Using A Daily Feelings Check-In 

By Laura Driscoll
Read Time:  min
Check-ins teach self awareness and show you care.

When I asked school counselors and psychologists about what they include in their counseling sessions, a feelings check-in was by far the most popular answer. This past year, a special education teacher posted a mental health check she did with her students, and it went viral.

We all know how important it is that students have ways to communicate. Checking in with students about how they are feeling is one of the very first places you can start, whether you are in a counseling session or at a Monday morning meeting.

Why Do Feelings Check Ins?

The first SEL competency is self-awareness, and it starts with students being able to identify how they feel. A daily feelings check-in helps students learn to recognize different emotions and also the intensity of emotions. We can't manage a feeling if we can't recognize it.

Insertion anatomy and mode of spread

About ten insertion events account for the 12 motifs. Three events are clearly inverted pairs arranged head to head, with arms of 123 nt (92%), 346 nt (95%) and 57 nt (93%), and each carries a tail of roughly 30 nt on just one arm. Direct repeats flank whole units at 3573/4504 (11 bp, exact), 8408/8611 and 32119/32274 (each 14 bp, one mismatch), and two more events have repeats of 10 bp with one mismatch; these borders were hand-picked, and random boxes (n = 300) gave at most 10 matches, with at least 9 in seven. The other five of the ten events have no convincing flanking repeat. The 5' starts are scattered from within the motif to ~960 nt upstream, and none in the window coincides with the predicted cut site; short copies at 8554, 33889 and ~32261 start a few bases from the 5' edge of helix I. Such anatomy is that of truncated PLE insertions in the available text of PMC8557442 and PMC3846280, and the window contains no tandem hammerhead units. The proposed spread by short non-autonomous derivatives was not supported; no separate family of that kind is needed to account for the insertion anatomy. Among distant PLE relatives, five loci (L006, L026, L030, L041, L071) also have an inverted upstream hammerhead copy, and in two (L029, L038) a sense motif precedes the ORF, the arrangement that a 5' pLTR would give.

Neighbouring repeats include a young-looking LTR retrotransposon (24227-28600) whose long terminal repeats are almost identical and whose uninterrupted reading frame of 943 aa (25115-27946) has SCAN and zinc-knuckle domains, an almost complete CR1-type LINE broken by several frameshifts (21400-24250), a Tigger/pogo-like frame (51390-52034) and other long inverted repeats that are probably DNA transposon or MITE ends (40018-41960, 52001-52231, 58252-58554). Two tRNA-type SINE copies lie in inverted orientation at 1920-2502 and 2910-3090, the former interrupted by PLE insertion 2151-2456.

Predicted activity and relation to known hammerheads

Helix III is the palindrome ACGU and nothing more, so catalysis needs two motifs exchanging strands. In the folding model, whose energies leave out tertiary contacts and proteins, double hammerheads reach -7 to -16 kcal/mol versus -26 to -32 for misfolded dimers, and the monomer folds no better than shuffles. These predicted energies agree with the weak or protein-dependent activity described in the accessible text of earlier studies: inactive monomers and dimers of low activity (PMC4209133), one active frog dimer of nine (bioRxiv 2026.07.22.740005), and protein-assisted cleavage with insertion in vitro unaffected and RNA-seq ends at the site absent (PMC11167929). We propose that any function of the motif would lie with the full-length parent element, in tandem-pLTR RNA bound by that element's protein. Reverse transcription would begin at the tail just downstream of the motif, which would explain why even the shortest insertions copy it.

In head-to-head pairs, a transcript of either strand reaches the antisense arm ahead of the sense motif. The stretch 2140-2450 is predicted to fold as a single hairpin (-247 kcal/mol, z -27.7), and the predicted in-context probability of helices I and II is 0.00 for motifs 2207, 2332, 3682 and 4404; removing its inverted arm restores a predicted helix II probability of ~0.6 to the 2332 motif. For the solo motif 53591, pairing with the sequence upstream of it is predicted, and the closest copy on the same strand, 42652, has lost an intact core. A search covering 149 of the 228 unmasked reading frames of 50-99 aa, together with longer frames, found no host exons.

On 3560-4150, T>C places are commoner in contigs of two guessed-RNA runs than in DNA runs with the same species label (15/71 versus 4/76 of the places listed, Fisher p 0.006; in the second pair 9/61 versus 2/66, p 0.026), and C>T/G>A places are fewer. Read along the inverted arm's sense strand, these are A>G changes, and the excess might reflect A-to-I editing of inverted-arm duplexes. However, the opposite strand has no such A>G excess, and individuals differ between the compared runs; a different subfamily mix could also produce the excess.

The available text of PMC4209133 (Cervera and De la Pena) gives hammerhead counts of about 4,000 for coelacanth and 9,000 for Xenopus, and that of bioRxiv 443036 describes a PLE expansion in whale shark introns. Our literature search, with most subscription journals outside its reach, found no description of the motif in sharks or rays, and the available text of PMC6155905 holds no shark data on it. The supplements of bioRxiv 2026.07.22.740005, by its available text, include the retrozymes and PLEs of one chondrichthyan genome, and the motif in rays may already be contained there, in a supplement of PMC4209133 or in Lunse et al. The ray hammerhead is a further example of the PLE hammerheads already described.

It normalizes feelings. We aren't always supposed to be happy or calm. Sometimes, we are sad, jealous, or angry. When we do daily feelings check-ins, we recognize that all feelings are okay. It then opens up the conversation that handling those feelings makes all the difference.

Feelings check-ins communicate that how everyone feels is important. And that as part of a community, someone will care how you feel. It's such a simple daily task that shows someone wants to listen and help.

A Word of Caution About Feelings Check Ins

Daily feeling check-ins are great, but they can come with their complications. Think through your procedures and make sure you are prepared.

  • What will you do when a student says they are not doing well?
  • Is there a qualified person available to talk to a student who discloses they are in distress?
  • Students may look for attention by expressing strong emotions that aren't 100% true. Stick to your systems and have a method to limit that while not missing someone in need. Be sure that you aren't treating student referrals seriously or responding to each one like it's automatically an emergency. Help them know how to name it and regulate it.